Roberts asks Stewart how fetal viability was addressed in Roe, noting that Justice Harry Blackmun, the author of that decision, revealed with the release of his personal papers that the viability line was “dicta.”

Roberts calls the papers, released five years after Blackmun’s 1999 death, “an unfortunate source.” Later in the argument, Roberts says the release of the Blackmun files “is a good reason not to have papers out that early.” So I think we will be waiting for the Roberts papers for a good long time.

Rikelman, who argued and won June Medical Services v. Russo in 2020, which struck down Louisiana’s abortion restrictions, takes to the lectern and tells the court, “Mississippi’s ban on abortion two months before viability is flatly unconstitutional under decades of precedent.”

After a few questions from Thomas, the chief justice zeroes in on Mississippi’s 15-week ban. Fifteen weeks is well before the point of fetal viability, which occurs around 24 weeks of pregnancy.

“If you think that the issue is one of choice — that women should have a choice to terminate their pregnancy — that supposes that there is a point at which they’ve had the fair choice … and why would 15 weeks be an inappropriate line?” Roberts asks. “Because viability, it seems to me, doesn’t have anything to do with choice. But, if it really is an issue about choice, why is 15 weeks not enough time?”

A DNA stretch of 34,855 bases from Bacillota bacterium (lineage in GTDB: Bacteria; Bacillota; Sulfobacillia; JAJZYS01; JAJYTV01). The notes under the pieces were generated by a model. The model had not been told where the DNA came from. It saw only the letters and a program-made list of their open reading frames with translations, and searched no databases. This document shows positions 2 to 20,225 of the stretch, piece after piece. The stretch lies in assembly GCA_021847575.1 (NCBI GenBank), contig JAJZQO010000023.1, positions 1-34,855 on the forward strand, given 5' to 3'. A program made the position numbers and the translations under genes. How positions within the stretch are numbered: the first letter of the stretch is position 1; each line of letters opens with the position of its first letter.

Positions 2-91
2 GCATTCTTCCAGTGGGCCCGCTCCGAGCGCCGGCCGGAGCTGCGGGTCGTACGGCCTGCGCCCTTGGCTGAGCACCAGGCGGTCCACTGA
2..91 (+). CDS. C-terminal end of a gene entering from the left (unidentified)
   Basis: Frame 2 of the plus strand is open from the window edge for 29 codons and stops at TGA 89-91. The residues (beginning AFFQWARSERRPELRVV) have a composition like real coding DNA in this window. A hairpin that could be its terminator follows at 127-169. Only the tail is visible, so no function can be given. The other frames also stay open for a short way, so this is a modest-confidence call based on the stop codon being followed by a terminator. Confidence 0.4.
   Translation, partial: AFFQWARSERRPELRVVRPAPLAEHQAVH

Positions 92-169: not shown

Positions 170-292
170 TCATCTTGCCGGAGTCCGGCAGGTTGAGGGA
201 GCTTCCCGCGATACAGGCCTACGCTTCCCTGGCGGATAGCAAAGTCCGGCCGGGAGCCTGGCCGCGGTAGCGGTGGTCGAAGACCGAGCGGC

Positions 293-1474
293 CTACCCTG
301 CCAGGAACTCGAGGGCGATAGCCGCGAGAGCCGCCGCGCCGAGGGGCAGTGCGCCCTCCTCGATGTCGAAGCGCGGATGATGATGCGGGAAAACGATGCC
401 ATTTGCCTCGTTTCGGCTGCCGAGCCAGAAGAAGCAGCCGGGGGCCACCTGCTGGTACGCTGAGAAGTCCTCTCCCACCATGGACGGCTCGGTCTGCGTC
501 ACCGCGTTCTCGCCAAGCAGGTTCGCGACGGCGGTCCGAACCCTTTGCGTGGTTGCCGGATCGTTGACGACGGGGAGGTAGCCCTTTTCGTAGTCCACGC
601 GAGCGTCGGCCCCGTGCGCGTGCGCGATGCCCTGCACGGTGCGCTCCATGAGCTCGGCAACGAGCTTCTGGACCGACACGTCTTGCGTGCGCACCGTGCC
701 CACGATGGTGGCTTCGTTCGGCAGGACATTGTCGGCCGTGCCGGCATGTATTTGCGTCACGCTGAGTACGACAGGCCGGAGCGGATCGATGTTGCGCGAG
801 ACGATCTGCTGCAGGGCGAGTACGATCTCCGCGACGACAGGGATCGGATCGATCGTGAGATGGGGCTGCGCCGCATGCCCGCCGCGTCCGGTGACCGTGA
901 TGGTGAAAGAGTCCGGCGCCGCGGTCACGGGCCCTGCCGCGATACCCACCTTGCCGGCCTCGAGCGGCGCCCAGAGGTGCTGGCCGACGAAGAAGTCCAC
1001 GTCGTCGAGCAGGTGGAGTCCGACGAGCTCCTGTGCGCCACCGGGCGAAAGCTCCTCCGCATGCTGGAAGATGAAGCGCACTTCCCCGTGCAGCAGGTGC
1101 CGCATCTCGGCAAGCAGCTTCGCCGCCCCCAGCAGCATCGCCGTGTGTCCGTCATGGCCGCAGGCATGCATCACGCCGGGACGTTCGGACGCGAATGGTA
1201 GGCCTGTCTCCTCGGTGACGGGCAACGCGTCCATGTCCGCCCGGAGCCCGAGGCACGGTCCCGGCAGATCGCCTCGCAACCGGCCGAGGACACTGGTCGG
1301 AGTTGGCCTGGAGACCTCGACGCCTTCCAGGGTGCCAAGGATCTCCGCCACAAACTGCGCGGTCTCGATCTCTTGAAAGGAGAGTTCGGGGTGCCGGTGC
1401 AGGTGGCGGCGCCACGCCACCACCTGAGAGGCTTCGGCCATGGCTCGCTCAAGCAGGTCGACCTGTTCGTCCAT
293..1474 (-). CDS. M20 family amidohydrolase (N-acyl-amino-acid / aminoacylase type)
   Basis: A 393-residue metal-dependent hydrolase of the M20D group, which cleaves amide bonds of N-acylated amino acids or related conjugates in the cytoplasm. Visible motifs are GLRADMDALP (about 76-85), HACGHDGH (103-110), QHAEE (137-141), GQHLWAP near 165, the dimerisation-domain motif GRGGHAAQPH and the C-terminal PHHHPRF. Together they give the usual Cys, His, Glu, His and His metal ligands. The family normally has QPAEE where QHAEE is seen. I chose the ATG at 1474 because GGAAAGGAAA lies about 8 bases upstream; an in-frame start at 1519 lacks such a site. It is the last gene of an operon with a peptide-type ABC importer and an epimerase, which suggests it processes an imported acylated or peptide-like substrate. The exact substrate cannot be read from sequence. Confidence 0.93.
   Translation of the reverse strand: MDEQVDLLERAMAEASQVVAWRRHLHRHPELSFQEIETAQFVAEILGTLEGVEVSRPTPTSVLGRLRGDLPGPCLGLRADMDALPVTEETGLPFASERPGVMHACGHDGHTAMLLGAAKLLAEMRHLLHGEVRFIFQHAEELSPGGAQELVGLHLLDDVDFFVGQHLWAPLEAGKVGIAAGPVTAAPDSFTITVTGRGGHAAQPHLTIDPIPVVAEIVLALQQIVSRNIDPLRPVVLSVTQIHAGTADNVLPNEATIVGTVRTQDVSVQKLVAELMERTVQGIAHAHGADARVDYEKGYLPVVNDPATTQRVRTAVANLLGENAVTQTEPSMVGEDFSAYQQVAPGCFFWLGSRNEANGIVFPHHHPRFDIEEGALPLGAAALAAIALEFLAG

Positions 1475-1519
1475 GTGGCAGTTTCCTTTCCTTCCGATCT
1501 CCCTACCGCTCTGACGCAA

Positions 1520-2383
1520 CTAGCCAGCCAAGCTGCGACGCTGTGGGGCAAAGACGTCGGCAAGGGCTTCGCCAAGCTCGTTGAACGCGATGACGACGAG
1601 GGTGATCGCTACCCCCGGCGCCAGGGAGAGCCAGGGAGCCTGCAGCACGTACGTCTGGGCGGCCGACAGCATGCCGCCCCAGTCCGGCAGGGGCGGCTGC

Rikelman says that, among other reasons, “without viability, there will be no stopping point. States will rush to ban abortion at virtually any point in pregnancy.”

Justice Samuel Alito presses Rikelman on a more philosophical question.

“What is the philosophical argument, the secular philosophical argument, for saying [viability] is the appropriate line?” he says. “There are those who say that the rights of personhood should be considered to have taken hold at a point when the fetus acquires certain independent characteristics. But viability is dependent on medical technology and medical practice. It has changed. It may continue to change.”

“No, Your Honor, it is principled,” she says, “because, in ordering the interests at stake, the court had to set a line between conception and birth, and it logically looked at the fetus’ ability to survive separately as a legal line because it’s objectively verifiable and doesn’t require the court to resolve the philosophical issues at stake.”